War of the Rebellion: Serial 070 Page 0326 Chapter XLIX. OPERATIONS IN N. VA., W. VA., MD., AND PA.

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Numbers 73. Reports of Brigadier General William W. Averell, U. S. Army, commanding Second Cavalry Division, of operations July 8-August 3, with itinerary of the division, July 2-31.


Hagerstown, Md., July 28, 1864.

CAPTAIN: I have the honor to report that I left Charleston, Kanawha County, W. Va., for Parkersburg, on Tuesday, July 8, with my division. Left Parkersburg on Friday, July 15, for Martinsburg; arrived at that place on the 17th following, with the advance of my division. I immediately established pickets across the Shenandoah Valley south of Martinsburg, and sent scouts to ascertain the strength and movements of the enemy.

Being informed during the night of the 18th that the enemy had reached Berryville from Maryland, by way of Snicker's Gap, I marched on the morning of the 19th, with Colonel Duval's brigade of infantry, 1,350 strong, and 1,000 cavalry, viz: First, Third Virginia, and Fourteenth Pennsylvania Cavalry, together with the First Virginia and First Ohio Batteries, to within four miles of Winchester, driving the enemy's cavalry under Jackson before me.

During the evening of the 19th information was received that Early had arrived at Berryville and divided his command into two columns, one then moving via Millwood toward Strasburg, and the other going toward Winchester (Early himself being with the latter),and that Crook's division and the Sixth Corps were at Snicker's Gap. I endeavored to communicate with General Wright, advising him. to attack the column on the Millwood road, but subsequently learned that instead of attacking he retired toward Washington.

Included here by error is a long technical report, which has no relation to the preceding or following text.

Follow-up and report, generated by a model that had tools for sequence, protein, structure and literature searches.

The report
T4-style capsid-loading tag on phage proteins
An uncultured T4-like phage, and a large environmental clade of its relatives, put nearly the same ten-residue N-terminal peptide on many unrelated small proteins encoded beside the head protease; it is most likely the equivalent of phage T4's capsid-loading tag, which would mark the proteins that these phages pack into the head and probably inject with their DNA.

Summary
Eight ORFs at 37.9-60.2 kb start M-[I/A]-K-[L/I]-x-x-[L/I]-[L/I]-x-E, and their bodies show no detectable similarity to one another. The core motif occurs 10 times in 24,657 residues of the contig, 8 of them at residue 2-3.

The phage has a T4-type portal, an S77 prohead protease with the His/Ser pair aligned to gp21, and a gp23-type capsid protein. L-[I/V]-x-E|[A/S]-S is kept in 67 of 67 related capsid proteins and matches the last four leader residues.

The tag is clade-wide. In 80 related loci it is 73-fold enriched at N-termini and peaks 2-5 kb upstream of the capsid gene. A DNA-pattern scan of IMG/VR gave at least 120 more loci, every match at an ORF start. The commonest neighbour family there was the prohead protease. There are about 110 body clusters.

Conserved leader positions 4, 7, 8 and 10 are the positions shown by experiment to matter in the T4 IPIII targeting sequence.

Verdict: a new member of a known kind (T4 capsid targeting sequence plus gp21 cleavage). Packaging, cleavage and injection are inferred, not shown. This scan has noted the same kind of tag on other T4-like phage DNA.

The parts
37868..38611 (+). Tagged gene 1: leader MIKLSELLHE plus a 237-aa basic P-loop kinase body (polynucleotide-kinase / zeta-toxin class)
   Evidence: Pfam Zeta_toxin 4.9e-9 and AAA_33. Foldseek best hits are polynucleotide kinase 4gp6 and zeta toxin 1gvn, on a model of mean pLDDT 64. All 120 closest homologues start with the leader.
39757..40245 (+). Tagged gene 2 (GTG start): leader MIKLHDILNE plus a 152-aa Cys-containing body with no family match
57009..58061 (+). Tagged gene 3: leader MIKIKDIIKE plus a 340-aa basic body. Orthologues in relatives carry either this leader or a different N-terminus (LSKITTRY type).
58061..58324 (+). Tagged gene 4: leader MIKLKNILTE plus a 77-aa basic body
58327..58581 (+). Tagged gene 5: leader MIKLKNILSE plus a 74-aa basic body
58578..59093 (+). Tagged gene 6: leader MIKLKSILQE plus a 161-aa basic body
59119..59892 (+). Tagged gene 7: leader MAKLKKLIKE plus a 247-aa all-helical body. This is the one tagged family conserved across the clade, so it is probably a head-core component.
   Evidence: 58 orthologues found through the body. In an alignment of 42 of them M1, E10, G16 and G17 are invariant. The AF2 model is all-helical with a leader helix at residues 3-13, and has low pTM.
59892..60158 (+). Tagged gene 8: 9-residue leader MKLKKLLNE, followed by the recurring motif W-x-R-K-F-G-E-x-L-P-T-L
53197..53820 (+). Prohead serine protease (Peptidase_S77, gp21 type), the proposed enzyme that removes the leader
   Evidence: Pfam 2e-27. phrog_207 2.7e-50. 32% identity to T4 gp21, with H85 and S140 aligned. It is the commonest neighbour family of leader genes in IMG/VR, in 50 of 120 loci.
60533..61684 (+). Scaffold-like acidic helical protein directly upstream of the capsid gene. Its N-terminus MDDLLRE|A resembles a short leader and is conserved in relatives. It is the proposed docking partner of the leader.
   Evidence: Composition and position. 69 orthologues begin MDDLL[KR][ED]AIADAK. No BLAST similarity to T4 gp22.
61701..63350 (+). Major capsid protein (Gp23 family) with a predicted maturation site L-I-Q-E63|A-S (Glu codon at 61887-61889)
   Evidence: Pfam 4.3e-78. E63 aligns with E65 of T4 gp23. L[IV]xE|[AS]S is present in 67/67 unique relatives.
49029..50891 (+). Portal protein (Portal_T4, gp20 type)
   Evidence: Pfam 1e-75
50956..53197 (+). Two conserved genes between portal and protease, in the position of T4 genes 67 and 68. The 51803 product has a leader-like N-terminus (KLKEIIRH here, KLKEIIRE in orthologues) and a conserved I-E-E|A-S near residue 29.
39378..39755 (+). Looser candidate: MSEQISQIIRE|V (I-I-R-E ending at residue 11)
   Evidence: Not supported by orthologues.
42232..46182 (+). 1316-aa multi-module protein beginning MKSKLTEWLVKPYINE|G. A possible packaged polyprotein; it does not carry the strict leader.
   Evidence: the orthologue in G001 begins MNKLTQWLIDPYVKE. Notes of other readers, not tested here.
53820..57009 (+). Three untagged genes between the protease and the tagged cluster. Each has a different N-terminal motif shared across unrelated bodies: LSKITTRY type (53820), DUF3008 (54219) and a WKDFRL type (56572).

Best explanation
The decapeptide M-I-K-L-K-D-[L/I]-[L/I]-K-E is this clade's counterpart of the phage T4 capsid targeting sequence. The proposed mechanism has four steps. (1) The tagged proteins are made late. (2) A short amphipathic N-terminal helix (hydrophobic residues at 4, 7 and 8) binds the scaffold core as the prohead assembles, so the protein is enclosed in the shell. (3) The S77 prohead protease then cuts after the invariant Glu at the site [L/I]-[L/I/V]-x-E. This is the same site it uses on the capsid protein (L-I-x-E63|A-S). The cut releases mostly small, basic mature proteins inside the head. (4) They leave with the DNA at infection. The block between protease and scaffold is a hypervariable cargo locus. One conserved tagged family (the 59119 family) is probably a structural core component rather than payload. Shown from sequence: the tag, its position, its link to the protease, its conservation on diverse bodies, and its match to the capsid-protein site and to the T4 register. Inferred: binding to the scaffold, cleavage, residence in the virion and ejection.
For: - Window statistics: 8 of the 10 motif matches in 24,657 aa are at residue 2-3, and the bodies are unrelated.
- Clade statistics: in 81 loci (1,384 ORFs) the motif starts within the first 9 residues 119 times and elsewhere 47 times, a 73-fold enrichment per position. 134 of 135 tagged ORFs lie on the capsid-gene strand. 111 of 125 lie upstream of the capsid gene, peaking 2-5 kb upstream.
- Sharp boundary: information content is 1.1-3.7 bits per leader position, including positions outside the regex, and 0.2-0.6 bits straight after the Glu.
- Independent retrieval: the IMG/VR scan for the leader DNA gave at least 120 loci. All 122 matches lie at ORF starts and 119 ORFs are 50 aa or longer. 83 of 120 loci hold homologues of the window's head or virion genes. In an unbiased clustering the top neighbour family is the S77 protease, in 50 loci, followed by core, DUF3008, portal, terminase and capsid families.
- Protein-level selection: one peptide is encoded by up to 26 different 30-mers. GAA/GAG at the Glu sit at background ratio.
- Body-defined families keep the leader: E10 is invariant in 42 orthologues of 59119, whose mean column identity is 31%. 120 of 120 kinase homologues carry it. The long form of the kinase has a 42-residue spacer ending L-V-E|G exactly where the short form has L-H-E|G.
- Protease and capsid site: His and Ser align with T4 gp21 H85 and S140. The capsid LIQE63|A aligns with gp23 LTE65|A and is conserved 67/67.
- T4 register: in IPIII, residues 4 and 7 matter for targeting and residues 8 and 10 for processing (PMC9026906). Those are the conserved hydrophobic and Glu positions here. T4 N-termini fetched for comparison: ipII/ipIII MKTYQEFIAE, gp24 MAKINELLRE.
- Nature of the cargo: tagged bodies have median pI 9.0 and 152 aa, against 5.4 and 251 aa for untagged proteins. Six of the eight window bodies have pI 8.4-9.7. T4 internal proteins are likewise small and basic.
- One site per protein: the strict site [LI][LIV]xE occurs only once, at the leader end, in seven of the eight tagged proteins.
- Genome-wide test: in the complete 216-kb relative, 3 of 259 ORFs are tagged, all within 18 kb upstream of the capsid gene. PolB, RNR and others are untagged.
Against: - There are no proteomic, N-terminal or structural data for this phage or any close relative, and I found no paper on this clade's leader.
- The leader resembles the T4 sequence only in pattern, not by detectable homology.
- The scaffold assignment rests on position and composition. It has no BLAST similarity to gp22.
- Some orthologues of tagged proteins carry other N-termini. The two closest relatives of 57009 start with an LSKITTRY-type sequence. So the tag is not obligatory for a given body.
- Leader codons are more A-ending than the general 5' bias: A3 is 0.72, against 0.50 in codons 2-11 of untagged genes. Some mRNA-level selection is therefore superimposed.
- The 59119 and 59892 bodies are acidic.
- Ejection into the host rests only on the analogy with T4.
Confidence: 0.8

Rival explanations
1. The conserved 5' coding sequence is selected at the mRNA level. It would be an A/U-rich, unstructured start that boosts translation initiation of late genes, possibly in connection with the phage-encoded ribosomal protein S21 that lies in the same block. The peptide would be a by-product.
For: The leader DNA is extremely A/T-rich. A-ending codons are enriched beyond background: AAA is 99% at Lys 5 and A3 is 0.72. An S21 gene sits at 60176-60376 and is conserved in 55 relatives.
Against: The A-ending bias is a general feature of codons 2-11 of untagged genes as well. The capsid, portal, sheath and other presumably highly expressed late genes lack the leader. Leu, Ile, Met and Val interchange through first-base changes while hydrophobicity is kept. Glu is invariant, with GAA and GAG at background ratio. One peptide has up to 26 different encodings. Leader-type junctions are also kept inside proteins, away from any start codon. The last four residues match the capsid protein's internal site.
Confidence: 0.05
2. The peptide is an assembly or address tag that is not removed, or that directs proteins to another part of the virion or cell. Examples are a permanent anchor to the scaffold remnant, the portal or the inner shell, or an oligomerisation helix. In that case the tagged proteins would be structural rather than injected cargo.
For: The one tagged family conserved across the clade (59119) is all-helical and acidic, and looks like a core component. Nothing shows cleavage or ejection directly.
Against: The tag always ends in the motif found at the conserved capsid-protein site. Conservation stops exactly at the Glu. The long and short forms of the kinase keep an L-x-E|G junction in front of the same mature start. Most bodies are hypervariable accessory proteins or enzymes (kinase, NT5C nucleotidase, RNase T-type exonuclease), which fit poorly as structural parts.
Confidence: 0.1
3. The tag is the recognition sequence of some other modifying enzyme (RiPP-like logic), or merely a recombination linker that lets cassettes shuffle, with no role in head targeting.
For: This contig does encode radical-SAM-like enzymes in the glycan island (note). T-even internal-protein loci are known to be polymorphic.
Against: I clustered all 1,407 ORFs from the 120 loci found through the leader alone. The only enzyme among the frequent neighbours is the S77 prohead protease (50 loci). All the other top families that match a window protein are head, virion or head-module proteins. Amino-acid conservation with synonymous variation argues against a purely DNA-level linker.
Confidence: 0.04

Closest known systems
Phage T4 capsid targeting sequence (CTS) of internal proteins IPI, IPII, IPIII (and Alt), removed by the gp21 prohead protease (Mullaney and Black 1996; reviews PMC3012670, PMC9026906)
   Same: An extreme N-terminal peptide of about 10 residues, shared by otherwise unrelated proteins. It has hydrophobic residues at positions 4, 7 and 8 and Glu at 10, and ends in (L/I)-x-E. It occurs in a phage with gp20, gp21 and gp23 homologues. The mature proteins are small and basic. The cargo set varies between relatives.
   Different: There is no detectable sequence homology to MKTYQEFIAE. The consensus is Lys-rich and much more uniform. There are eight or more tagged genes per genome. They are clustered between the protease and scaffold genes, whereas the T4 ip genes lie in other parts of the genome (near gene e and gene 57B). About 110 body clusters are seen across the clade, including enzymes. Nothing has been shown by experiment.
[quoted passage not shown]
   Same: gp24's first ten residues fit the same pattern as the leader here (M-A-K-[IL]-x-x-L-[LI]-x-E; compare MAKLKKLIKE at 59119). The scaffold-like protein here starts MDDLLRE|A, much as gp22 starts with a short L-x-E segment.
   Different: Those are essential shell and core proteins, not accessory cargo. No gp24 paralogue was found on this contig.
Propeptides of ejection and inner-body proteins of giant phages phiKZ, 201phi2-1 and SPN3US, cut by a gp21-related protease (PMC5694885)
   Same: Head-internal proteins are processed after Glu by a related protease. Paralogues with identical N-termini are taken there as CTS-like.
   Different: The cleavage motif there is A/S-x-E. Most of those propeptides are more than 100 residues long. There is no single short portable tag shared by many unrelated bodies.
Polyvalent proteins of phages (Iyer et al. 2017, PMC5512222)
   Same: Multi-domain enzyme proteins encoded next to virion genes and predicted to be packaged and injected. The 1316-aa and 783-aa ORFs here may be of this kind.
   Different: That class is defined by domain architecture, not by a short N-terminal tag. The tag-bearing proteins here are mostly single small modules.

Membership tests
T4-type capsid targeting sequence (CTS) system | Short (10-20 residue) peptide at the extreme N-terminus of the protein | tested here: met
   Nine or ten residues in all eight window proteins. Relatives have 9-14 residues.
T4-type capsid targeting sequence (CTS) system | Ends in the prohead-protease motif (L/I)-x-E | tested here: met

On the morning of the 20th I advanced toward Winchester, and, being apprized by my scouts of the presence of the enemy in some force about three miles north of the place, I formed in line of battle before arriving in his view. In the morning 200 of the Fourteenth Pennsylvania Cavalry were sent out on the Gerrardstown road to approach Winchester from the west, the balance of the regiment being sent to attack at Berryville. About 300 of the Second Virginia Cavalry joined me at this time from Martinsburg. Placing a regiment of infantry in line of battle on each side of the road with skirmishers in front and a regiment of infantry in column in rear of the right and left flanks, artillery in the center, and a regiment of cavalry on each flank, I advanced in this order vigorously to the attack. After marching nearly two miles through a country almost entirely open, with the center upon the pike, the enemy announced his position by opening a rapid fire four guns concealed in the timber which stands upon Carter's farm, three miles north of Winchester. He at the same time made some demonstrations with a cavalry brigade on each flank. My artillery was placed in position, the infantry regiments in column were thrown forward into line, cavalry skirmishers covering my entire front were withdrawn rapidly to the flanks, the concentrated fire of the twelve guns was opened upon the enemy's center, and the infantry advanced and became hotly engaged, while the cavalry entered into a fierce struggle on each flank. My right being imminently threatened, I sent the Second Virginia to assist the Third in its attack, leaving not a man in reserve or any